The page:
There always seems to be lots of stress in the profession, and an ever increasing workload. I also suffered anxiety/depression in my twenties (a while ago now!)...... but basically I love my job! It's really rewarding. The best bit is getting to know lots of little individuals, finding out what they're best at and helping them to feel confident about themselves. If you love what you're actually teaching, then you can have a lot of fun as well as the stressy bits!

If literature is something you feel passionate about, then you'll have a lot to offer sharing that passion through teaching. I'd say give it a go!

HooverFairy Sat 15-Jun-13 21:53:51

I agree with Morgause - best job in the world! I've suffered anxiety, low self esteem and difficult home circumstances in my 10 years as a teacher so far, nothing keeps your mind occupied better than classes full of kids. It's the best medicine smile. Gove is making things very difficult and the hours are odd compared to other jobs. But, if you're organised and enjoy being busy then do it. Training and NQT year are hard, just pick your first post carefully and you'll be ok. You won't know until you try it! Good luck smile

Arisbottle Sat 15-Jun-13 21:54:39

I think the holidays do a lot to relieve the stress, I don't find the job particularly stressful but often when I find it becoming stressful I realise that it is just a week to a holiday.

I think there have been two periods in my life where I found teaching stressful, I went through a time where I fantasised about crashing my car or going into hospital so I could have a break. However that was around the time of a very difficult pregnancy , problems with my son and a miscarriage. However I was projecting that on to my job.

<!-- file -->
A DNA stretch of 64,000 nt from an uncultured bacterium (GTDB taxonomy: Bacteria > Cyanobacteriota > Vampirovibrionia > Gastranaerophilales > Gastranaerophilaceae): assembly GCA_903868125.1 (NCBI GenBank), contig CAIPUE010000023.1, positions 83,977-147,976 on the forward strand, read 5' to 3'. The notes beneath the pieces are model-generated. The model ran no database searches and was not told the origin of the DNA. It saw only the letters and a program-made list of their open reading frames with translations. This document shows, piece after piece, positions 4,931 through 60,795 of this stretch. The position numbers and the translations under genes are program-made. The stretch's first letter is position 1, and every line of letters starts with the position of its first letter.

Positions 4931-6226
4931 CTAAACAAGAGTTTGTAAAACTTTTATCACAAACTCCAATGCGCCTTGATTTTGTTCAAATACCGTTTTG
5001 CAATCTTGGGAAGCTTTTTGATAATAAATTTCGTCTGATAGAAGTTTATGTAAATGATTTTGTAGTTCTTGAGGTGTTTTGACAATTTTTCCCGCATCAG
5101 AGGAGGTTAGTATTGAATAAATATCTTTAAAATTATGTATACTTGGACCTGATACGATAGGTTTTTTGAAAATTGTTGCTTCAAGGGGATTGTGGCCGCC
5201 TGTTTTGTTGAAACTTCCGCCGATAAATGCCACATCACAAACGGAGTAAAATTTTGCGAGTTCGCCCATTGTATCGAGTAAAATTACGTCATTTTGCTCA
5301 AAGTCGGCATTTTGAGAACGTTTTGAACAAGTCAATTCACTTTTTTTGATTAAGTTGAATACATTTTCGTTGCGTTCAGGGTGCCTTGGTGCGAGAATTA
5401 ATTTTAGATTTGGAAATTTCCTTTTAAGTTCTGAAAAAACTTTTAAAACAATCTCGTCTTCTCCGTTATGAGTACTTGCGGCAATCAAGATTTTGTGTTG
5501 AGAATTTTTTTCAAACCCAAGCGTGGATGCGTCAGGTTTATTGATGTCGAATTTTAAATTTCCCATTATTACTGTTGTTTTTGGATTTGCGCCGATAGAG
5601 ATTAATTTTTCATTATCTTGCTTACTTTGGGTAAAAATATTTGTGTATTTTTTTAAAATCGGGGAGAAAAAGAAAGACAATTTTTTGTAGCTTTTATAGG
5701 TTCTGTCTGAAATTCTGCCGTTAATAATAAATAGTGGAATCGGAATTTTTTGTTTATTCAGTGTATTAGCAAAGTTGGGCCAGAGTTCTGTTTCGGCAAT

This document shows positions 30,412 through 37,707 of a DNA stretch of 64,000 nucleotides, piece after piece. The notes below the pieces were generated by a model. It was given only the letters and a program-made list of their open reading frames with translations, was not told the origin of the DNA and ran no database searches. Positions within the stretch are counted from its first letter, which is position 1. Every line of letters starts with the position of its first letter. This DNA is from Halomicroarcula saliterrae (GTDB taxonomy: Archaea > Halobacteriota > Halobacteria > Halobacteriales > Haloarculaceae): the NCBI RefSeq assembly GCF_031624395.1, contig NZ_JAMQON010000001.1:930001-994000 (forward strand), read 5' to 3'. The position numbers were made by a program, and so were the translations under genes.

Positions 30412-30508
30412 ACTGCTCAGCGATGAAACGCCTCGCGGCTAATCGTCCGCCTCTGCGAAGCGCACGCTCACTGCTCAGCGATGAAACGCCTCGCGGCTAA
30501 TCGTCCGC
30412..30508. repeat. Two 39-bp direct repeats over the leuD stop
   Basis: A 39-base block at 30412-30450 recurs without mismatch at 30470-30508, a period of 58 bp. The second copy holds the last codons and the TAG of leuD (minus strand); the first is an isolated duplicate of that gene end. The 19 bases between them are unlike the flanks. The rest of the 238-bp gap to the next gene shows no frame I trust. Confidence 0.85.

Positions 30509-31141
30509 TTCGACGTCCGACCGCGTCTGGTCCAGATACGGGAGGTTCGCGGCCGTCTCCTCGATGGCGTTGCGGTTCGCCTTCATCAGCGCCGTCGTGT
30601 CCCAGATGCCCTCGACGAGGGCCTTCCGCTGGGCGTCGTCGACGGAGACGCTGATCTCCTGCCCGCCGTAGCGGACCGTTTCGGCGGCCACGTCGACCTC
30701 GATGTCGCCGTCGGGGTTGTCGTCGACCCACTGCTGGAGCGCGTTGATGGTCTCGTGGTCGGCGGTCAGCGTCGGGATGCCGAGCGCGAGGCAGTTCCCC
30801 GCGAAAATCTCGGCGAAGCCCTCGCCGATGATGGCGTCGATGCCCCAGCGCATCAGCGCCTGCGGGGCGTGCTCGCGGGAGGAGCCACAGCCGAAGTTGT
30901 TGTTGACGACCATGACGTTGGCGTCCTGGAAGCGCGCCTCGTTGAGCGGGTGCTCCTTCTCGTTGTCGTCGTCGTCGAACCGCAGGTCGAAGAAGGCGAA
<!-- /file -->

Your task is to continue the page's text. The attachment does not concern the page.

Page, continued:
ProphetOfDoom Sat 15-Jun-13 21:56:23

Message withdrawn at poster's request.

Arisbottle Sat 15-Jun-13 21:58:21

I am part of the humanities department and I wonder if RE had a greater workload, they have so many classes and like us in history are marking lots of essays.

Not that it matters.

TheFallenMadonna Sat 15-Jun-13 22:03:16

I had a very bad time last term. I was definitely ill through stress. However, there was a clear reason for it, and now that has resolved, I am back to loving it. It is a fabulous job, where you get to have a real and observable influence on the lives of young people. If you can hold on to that, then Gove et al lose some of their sting.

Rosieeo Sat 15-Jun-13 22:06:48

The teachers I see suffer are the perfectionists. It's a job that never ends and you could work 24/7 if you wanted to. However, if you can enforce work/life balance then you'll be fine. It's a great job. I'd second the school experience though, do TDA still arrange the visits? Try this: SEP

SuffolkNWhat Sat 15-Jun-13 22:07:51

I am part of the humanities department and I wonder if RE had a greater workload, they have so many classes and like us in history are marking lots of essays.

I'm a trained English teacher who sidestepped into RE (now HOD) and my marking load is double that it used to be in English due to sheer numbers of students I see per week. But on the other hand I'm much happier teaching RE as it's a subject I'm passionate about and can happily talk about all day long!

OP I love teaching, the actual being with young people and engaging with them bit. The other stuff not so much, paperwork is very heavy and there is loads of bureaucratic crap to deal with but there is good and bad in all professions. I echo the advice to volunteer or work in a school for a period of time to be really sure it's what you want (plus you'll need that experience to even be considered for a GTP/PGCE/SCITT place anyway)

Good luck!

teacherandguideleader Sat 15-Jun-13 22:46:50

You like children which is a good place to start. Teaching is however a vocation - I knew when I was 12.

I have suffered depression / anxiety and it doesn't make it easier - I am a good teacher and (without wishing to sound big headed) am very much liked by students. However, it only takes one person to say something negative and it really affects me.

If you're thinking about it, get into schools now, it is the only way you'll be able to evidence.

teacherandguideleader Sat 15-Jun-13 22:47:19

Evidence = decide!

I love teaching but it is hard work so you should be sure about it before doing your pgce. Most courses will expect you to have spent time in schools before applying so why not arrange some work placements (observations rather than teaching iyswim) now so that you can decide if it's for you?

Arisbottle Sat 15-Jun-13 22:52:35

It does not need to be a vocation, wasn't for me , certainly at the start, and I seem to be doing OK and more importantly so do my students.